Olivia O'Leary and two others at a protest meeting on the River Barrow last summer
Another emphatic ‘no’ to Irish Waterways proposal for a hard surface Blueway along the Barrow River emerged from a lively public meeting held by the Save the Barrow Line group in Graignamanagh on Sunday.
The 300 people who filled the Abbey Hall voted by a unanimous show of hands to continue their opposition to the plan. Last spring, after receipt of a record number of submissions, more than 440 of which only 3% were in favour,Carlow County Council postponed a decision on Waterways planning application to dig up the grassy towpath and lay a hard unbound track.
Waterways were given nine months to answer some of the objections raised and came back with Further Information before Christmas. This has opened up the plan for public submissions again, and almost 100 more objections were posted at the meeting to be hand delivered to Carlow County Council this week before the February 6 deadline.
Save the Barrow Chairperson, Olivia O’Leary told the meeting none of the major objections, in her opinion, to the plan had been answered in the new information.
She said the plan would in the eyes of Save The Barrow, degrade the green unspoilt landscape that attracts tourists to Ireland. Tourist surveys showed that walking was the most popular of all activity holidays visitors took here and the hard surface was less comfortable for walkers and would encourage cyclists to go at a speed which intimidated walkers and other users. An Taisce, the body charged with protecting Ireland’s built and natural environment, had claimed in its original submission that the grassy surface as it is allows for a speed which accommodates all users.
An Taisce, she pointed out, had also questioned whether the proposed 2.5 metre width was too narrow for a shared use two-way cycle path and whether there was potential for conflict between users. The proposed 2.5 metre Blueway, she claimed, is less than the minimum width of 3 metres prescribed by the Transport Infrastructure Ireland’s Rural Cycle Scheme design for such paths and Waterways have admitted they will not even be able to reach the 2.5 metre width on some of the towpath.
The meeting was told by O’Leary and by Art Mooney and Ros Murray from the Carlow Barrow Users Group that Waterways had not answered the criticism that the proposed unbound surface of hardcore and crushed limestone would become potholed and damaged by the regular flooding of the river and would be time consuming and expensive to maintain. Waterways Ireland answer was that for most of the river’s length, flooding would only leave deposits on the track, but not erode it. ‘Waterways have discovered a new type of flood’ said O’Leary’ which lifts things from the water to the land but which moves nothing from the land to the water!’ The meeting was show videos of the proposed surface recently laid by Waterways which has been seriously damaged by floods.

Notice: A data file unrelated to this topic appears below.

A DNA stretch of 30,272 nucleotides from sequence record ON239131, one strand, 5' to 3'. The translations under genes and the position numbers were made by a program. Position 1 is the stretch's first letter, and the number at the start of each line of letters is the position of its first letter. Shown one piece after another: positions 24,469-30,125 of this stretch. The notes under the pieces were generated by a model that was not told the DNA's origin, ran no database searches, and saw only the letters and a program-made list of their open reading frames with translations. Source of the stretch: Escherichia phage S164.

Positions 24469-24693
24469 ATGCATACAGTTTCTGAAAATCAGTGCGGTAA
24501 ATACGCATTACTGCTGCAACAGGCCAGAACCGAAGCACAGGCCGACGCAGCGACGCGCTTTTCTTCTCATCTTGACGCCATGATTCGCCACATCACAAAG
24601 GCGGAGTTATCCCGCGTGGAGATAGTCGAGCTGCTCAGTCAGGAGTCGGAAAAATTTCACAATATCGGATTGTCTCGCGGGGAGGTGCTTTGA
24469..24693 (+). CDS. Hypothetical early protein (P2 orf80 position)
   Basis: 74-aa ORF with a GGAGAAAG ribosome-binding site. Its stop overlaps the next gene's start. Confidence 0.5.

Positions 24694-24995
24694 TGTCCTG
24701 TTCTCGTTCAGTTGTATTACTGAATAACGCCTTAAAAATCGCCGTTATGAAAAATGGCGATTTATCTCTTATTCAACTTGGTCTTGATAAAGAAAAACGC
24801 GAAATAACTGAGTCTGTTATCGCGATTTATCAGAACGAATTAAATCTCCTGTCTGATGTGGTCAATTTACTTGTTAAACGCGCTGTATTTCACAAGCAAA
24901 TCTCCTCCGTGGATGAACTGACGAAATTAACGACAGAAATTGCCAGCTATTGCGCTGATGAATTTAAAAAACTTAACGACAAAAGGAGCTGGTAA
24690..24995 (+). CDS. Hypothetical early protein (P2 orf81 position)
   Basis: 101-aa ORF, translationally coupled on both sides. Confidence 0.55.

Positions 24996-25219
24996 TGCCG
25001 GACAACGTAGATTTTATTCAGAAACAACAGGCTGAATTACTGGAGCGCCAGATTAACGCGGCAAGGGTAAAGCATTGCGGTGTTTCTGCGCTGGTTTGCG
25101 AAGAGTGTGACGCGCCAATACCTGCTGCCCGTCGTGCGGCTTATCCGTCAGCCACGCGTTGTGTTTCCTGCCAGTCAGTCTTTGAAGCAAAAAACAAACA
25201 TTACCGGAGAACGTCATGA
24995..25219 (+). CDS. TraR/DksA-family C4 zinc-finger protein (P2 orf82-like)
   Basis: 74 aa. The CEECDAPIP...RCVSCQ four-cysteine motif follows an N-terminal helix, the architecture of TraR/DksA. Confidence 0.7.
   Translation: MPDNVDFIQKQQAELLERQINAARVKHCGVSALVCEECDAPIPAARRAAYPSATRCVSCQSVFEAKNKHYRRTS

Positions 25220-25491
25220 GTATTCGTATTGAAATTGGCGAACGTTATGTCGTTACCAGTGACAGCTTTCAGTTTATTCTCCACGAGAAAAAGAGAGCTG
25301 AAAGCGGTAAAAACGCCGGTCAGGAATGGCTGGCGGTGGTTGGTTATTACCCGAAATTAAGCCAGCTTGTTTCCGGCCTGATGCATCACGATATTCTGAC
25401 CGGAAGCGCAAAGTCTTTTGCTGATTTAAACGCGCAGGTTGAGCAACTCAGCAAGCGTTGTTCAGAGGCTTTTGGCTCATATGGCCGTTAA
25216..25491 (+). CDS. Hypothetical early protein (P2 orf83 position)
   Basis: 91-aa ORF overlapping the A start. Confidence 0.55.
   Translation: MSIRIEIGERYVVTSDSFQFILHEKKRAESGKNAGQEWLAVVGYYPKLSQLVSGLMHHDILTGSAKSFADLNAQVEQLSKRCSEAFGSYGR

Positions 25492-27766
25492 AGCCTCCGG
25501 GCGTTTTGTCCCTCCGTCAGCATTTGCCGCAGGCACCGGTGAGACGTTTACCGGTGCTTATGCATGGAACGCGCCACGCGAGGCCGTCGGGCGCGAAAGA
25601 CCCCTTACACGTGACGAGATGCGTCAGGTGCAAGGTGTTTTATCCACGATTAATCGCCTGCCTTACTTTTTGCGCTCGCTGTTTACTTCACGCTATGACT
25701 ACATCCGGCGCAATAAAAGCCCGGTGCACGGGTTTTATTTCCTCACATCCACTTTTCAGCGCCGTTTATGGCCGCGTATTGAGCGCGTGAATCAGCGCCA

Art Mooney said:’ Waterways admit that 60% of the towpath floods. So 60% of the track will be potholed. They say it will take 10 years for the wildlife and its habitats to recover from this development but they also say this surface only has a life of ten to twelve years. So there will be constant disturbance from maintaining it.’
Ros Murray from the Carlow Barrow Users group said it was important that local people spoke out and made clear their opposition to this plan. ‘You each have a personal relationship with the river. Don’t be afraid to put your head above the parapet. Protect this natural place for the next generation’
The Barrow has been designated a candidate special area ofconservation by the EU and with protected species like otters and kingfishers. The meeting was told that locals who had objected to the Blueway had been able to provide to the planning authorities evidence of otters and kingfishers along the towpath but that Waterways continued to state that the towpath wasn’t a habitat for either. Questions were raised as to whether Waterways had conducted their surveys in the right season and, in the light of that, Waterways promise to do a pre-construction otter survey did not inspire confidence.
O’Leary pointed out that An Taisce had already raised major concerns about the effect of the development on one of Ireland’s most important ecological corridors. An Taisce said ‘The physical footprint of the proposed infrastructure will result in the loss of habitat along the length of the proposed development. The remaining habitat along the length of the road will be fragmented.’
An Taisce added: ’it is of concern to An Taisce that the habitat loss and disturbance associated with this development will negatively impact upon otter and bat populations within the site.’ An Taisce also raised concerns about the loss of habitat for the kingfishers. It pointed out that the Barrow acts as an important reservoir for wildlife and biodiversity throughout the region.
O’Leary claims that most of these issues raised by An Taisce have not been answered in the Further Information provided by Waterways Ireland. Closing date for objections to Carlow County Council is February 6. The council will announce its decision on February 21.
The closing date for objections to Laois County Council is February 5, and for Kildare it is January 31.
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